Carnegie’s Hazen elected fellow of only professional society dedicated to origins of life research
Washington, DC—Carnegie mineralogist Robert Hazen—who advanced the concept that Earth’s geology was shaped by the rise and sustenance of life—was elected last month a fellow of the International Society for the Study of the Origin of Life – The International Astrobiology Society.
It is the only professional society dedicated to origins research and its 500 members represent disciplines ranging from molecular biology to astronomy. Fellows are selected for their “exceptional and sustained contributions” to the field.
Hazen pioneered the concept of mineral evolution—linking an explosion in mineral diversity to the rise of life on Earth—and developed the idea of mineral ecology—which analyzes the spatial distribution of the planet’s minerals to predict those that remain undiscovered and to assert Earth’s mineralogical distinctiveness in the cosmos.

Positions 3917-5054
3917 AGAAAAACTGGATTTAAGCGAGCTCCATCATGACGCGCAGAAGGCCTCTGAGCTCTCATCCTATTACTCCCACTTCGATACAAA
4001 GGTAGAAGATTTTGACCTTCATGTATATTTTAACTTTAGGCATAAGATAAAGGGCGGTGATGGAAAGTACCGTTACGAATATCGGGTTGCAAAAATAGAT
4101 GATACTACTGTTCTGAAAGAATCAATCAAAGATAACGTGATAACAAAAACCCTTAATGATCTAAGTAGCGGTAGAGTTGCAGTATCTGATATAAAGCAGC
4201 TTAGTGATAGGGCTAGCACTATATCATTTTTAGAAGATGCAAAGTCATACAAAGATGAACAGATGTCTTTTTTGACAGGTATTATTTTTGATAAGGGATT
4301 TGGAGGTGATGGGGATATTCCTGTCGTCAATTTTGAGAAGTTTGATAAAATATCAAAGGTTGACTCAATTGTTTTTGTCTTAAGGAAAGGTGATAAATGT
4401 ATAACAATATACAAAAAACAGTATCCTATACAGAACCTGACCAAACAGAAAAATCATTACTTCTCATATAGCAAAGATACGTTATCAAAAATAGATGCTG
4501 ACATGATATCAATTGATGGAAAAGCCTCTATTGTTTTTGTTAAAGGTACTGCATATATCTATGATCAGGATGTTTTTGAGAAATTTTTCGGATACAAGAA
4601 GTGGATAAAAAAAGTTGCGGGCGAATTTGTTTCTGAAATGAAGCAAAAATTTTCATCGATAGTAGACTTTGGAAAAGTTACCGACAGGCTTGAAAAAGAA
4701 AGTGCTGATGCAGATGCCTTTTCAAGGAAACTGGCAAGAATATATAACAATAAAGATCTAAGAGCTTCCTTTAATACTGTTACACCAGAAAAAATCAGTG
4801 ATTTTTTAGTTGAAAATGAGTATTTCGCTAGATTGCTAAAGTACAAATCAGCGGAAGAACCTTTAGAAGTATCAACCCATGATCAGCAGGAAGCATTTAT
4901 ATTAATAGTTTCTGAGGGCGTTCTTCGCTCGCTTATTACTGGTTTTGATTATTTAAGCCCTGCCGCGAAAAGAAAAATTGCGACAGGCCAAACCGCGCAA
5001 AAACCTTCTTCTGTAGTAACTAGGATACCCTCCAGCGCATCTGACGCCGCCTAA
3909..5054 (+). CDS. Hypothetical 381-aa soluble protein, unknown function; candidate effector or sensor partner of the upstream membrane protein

For 10 years Hazen was also the Executive Director of the Deep Carbon Observatory, an integrated, multidisciplinary project dedicated to probing the chemical and biological roles of carbon in Earth’s interior.
He is the author of more than 20 books on science, history, and music, most recently Symphony in C: Carbon and the Evolution of (Almost) Everything.
“This recognition of Bob’s creativity and novel approach to studying how Earth’s ability to sustain life has shaped the planet in turn is well deserved,” said Earth and Planets Laboratory Director Richard Carlson. “The collaborative and cross-disciplinary nature of Carnegie has made us a longstanding leader in astrobiology and origins research and Bob’s contributions are an crucial part of that legacy.”
The Carnegie Institution for Science (carnegiescience.edu) is a private, nonprofit organization headquartered in Washington, D.C., with three research divisions on both coasts. Since its founding in 1902, the Carnegie Institution has been a pioneering force in basic scientific research. Carnegie scientists are leaders in the life and environmental sciences, Earth and planetary science, and astronomy and astrophysics.